This book provides a quick and easy reference guide to different types of sensory impairment, including causes, symptoms and the implications on teaching and learning. With most children and young people with hearing or visual impairments attending mainstream schools, this book explains the most effective and practical strategies for use in mainstream classrooms. Fully up to date with the 2014 SEND Code of Practice, this accessible resource is split into two sections: Supporting Children with a Hearing Impairment and Supporting Children with a Visual Impairment. The wide-ranging chapters include: Educational access for pupils with hearing loss Teaching phonics Teaching deaf pupils with English as a second language Identifying children with visual impairment Classroom management Adapting resources This practical text provides strategies to use in schools to ensure that children with sensory impairments are fully supported. Featuring useful checklist and photocopiable resouces, it contains a wealth of valuable advice and tried-and-tested strategies for teachers and support staff working in early years settings, schools, academies and colleges.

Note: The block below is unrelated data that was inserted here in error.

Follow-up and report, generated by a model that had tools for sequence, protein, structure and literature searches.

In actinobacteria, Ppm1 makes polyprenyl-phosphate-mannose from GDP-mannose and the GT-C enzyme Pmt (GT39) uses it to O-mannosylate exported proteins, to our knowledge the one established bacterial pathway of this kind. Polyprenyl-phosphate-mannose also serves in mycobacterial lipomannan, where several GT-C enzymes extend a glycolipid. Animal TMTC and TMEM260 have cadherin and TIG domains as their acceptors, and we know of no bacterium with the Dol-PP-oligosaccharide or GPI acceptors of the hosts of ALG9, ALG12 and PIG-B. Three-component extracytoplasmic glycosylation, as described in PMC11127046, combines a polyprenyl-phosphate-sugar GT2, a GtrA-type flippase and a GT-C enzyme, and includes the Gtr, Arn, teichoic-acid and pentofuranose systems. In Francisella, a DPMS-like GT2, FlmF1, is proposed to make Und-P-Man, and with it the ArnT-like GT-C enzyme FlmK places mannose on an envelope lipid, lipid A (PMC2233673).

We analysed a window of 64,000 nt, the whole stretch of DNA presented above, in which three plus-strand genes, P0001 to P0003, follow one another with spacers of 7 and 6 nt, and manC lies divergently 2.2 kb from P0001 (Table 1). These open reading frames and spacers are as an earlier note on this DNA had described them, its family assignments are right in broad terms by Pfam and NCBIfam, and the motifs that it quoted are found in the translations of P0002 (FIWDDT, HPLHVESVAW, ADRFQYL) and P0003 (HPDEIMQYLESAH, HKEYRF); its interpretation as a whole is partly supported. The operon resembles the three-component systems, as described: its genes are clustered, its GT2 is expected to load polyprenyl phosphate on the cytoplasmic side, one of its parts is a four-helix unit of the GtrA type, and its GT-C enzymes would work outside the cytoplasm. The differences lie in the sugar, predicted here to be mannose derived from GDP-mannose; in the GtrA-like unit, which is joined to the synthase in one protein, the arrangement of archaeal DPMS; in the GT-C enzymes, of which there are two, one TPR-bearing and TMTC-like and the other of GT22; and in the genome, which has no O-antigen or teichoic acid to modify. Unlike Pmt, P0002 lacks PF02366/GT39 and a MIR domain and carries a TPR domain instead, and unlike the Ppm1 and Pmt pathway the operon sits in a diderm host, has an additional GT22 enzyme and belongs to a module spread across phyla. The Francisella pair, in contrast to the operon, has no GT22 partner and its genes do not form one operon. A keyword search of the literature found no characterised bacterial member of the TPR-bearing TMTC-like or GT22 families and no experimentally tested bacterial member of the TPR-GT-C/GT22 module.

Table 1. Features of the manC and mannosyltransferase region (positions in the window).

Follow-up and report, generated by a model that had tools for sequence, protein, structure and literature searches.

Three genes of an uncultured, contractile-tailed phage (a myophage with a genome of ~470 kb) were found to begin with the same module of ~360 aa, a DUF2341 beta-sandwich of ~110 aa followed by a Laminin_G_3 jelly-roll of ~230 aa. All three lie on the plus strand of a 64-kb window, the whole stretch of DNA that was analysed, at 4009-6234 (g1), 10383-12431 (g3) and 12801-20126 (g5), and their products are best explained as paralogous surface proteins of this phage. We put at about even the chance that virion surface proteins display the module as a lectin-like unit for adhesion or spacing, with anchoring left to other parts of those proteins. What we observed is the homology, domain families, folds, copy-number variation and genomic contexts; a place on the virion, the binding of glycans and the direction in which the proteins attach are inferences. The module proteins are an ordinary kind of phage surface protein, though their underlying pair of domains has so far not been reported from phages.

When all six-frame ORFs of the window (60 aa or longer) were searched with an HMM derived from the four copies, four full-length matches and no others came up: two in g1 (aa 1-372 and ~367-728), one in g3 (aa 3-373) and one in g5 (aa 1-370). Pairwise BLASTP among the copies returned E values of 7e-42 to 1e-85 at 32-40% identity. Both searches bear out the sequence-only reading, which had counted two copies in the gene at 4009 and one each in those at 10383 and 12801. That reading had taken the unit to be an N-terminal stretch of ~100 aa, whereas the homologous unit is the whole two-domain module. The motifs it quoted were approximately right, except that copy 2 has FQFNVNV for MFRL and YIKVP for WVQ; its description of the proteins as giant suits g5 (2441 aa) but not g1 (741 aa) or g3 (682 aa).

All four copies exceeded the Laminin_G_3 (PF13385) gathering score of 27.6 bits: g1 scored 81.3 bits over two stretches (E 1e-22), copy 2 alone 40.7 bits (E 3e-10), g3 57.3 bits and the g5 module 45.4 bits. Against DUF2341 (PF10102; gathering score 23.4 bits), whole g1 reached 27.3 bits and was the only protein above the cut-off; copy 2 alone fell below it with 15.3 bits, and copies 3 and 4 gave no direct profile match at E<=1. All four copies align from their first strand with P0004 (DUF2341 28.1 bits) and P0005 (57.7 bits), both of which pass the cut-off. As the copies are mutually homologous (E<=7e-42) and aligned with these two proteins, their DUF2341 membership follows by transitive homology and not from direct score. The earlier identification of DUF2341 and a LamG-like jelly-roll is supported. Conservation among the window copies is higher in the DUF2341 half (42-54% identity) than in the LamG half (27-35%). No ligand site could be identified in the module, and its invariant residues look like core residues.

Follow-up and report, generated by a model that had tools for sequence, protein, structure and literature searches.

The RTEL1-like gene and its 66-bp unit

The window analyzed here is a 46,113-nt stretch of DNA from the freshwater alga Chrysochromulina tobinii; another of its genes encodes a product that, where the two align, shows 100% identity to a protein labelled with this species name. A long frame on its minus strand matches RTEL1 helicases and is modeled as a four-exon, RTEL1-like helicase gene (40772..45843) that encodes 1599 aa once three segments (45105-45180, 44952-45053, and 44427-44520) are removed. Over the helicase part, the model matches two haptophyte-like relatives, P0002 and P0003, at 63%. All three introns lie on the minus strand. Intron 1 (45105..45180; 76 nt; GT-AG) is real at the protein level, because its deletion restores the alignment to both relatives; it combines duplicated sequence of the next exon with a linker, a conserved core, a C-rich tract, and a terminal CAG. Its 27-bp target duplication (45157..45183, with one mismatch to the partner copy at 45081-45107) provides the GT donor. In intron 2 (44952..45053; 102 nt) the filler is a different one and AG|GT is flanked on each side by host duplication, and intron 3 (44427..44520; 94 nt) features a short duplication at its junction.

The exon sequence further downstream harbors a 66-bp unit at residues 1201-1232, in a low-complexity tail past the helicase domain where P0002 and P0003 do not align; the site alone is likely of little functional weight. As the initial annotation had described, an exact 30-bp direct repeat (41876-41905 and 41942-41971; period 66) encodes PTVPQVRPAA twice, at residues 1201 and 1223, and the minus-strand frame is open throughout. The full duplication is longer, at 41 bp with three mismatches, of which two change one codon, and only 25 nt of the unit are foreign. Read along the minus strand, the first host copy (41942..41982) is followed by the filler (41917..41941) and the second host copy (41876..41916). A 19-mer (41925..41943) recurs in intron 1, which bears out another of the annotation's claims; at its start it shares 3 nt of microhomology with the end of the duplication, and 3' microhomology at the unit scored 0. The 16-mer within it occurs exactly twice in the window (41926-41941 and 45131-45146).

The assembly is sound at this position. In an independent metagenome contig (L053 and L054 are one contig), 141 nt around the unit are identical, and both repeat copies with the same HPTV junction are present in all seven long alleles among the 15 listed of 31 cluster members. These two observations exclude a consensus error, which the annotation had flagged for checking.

The books shows teachers how to engage with students, assess understanding and incorporate technology into teaching. It also teaches the connections between what students learn and how they do maths. Tools include inquiry tasks across all levels: unit planners, templates, activities, sample assessments, vignettes from educators, and a dedicated website with additional resources.